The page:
European equities rose on Monday, while US government debt remained under pressure as investors considered developments in Ukraine and the likelihood that central banks would tighten monetary policy to curb inflation.
The Stoxx Europe 600 regional stock index – which has fallen by almost 6% a year but has erased losses since Russia invaded Ukraine in late February – added 0.4%. The German Dax index traded unchanged and the London FTSE 100 index rose 0.2%.
Futures that follow the Wall Street S&P 500 rose 0.1%, while those that follow the high-tech Nasdaq 100 added 0.3%.
“We have to be modest and say that the range of possible outcomes, given the war and the inflation forecast, is really quite broad,” said Caspar Almagrin, head of the stock exchange at Amundy. “Growth in the eurozone is declining, but a recession is not clear because the balance sheets of consumers and businesses are quite strong.”
The yield curve of the Ministry of Finance is now at the opposite peak since 2007, when it was measured by the difference in credit costs for two years and 10 years. U.S. government bonds have registered theirs Worst quarter in records In the first three months of this year, when traders looked ahead to a series of rapid interest rate hikes by the Federal Reserve.
The yield on the two-year Treasury bill, which moved in the opposite direction to its price, rose on Monday by 0.02 percentage points to 2.45%. This yield, sensitive to interest rate changes, rose last week above that of 10 years For the first time since 2019. The 10-year yield on the banknote – a global credit cost benchmark, which is in line with inflation and growth expectations – added 0.03 percentage points to 2.41%.
An inversion of this part of the closely observed yield curve is generally perceived as a sign of an impending recession. However, economists and policymakers are debating whether the Fed’s huge bond buying program in the epidemic era distorted the bond market, skewing yields.
Ante Markowska, chief financial economist at Jeffries, said there is “little evidence that we are in a late-cycle economy” as recessions tend to overlap with periods of “company reorganization, driven by significant marginal compression.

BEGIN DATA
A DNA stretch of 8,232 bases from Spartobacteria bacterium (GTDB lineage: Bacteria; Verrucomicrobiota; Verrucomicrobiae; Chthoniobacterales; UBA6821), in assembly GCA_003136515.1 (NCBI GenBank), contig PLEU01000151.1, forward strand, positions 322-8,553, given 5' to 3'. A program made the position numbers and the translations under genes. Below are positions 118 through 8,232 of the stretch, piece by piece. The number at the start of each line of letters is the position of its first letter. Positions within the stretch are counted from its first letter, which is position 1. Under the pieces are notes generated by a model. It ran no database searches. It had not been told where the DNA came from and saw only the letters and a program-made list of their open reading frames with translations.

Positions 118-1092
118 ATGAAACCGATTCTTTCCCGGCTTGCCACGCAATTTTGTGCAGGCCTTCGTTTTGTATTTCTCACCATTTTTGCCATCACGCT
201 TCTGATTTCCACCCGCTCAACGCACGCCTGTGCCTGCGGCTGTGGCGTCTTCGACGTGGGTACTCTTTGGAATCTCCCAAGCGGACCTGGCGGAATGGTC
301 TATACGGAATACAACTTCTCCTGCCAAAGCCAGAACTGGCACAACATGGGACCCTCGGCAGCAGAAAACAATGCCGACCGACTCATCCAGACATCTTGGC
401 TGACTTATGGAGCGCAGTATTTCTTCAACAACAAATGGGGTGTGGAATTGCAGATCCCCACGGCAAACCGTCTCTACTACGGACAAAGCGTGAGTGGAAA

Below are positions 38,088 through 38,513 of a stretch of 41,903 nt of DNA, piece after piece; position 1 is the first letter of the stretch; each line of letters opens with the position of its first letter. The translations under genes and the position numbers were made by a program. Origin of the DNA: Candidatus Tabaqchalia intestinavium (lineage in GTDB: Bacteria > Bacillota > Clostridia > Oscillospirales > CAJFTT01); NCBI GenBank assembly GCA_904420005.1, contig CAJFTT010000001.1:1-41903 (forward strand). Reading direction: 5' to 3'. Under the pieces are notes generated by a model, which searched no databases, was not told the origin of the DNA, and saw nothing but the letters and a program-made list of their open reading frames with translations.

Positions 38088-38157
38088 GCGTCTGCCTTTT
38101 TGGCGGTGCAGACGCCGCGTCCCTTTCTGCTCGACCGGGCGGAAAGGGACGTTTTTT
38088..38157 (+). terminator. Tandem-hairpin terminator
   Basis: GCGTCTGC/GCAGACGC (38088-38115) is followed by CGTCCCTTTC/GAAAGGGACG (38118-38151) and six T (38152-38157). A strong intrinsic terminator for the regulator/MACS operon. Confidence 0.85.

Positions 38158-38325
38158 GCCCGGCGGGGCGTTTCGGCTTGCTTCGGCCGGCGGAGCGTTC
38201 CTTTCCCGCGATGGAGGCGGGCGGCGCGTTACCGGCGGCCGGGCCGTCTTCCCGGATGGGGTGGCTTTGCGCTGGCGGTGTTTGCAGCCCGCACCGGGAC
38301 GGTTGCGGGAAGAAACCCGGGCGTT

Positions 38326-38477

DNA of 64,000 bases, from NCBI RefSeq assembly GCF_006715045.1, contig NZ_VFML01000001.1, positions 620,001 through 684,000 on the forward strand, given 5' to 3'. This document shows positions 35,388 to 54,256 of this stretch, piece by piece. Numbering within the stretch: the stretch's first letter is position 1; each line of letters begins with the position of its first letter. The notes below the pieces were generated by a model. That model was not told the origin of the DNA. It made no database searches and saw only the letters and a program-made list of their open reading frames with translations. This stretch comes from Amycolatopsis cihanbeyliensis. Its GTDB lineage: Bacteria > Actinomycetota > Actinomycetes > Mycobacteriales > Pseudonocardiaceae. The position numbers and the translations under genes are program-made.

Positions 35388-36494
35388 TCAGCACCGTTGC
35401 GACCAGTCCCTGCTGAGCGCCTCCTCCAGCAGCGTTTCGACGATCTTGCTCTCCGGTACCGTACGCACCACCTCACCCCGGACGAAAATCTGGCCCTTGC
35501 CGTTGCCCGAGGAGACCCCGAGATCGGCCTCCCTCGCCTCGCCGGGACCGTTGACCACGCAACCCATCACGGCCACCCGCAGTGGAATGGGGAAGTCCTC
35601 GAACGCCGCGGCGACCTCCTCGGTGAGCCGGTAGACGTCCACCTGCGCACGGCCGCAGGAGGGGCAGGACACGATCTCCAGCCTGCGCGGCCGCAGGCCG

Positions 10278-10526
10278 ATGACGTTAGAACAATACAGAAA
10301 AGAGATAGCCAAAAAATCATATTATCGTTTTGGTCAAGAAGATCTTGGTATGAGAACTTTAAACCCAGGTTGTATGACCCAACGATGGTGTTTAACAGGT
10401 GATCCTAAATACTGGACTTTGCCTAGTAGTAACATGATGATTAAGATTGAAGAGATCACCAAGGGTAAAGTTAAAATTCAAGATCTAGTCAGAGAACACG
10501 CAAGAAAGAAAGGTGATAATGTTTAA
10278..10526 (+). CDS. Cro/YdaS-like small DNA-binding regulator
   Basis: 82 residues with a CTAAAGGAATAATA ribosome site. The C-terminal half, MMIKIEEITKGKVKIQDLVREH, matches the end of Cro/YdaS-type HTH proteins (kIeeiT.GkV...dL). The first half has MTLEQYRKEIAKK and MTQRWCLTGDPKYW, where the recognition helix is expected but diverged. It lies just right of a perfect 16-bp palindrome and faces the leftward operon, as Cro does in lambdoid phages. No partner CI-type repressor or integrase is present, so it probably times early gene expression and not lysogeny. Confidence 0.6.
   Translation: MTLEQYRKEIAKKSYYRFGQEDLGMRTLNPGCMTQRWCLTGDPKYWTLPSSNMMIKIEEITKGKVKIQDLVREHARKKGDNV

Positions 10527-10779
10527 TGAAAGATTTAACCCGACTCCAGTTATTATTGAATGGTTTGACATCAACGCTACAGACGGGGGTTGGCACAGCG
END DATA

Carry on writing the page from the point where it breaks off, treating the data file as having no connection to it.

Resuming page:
“The margins have only just begun to shrink and are still close to highs in cycles,” she added. “It does not look like a corporate sector that is about to embark on a cost-cutting campaign.”
In Hong Kong, stocks rose sharply after Chinese regulators calmed restrictions restricting U.S. authorities’ access to audits.
The Hang Seng Tech Index closed up 5.4 percent, with video platform Bilibili and electric car maker Li Auto among the biggest gains – gaining 13.3 percent and 10.2 percent, respectively.
The rise in the share price came after the Securities and Exchange Commission in China, Beijing’s senior financial watchdog, Said on Saturday It will change the rules of confidentiality that have prevented its overseas companies from providing sensitive financial information to foreign regulators.
US Securities and Exchange Commission Said last month That China’s major companies had three years to provide detailed audit documents or deal with delisting, which accelerated the sale of Chinese technology stocks traded in the US and Hong Kong.
Saturday’s announcement was supposed to create a framework for U.S. regulators to gain access to the company’s audit files.
The technological rises helped the Hang Seng Index climb 2.1% on Monday. Markets in mainland China have closed for the holiday. Japanese Topix rose 0.5%.
Oil prices rose after falling last week as Brent crude, the international index, rose 0.3 percent to $ 104.66 a barrel.
Treasuries remain under pressure as traders weigh growth outlook Source link Treasuries remain under pressure as traders weigh growth outlook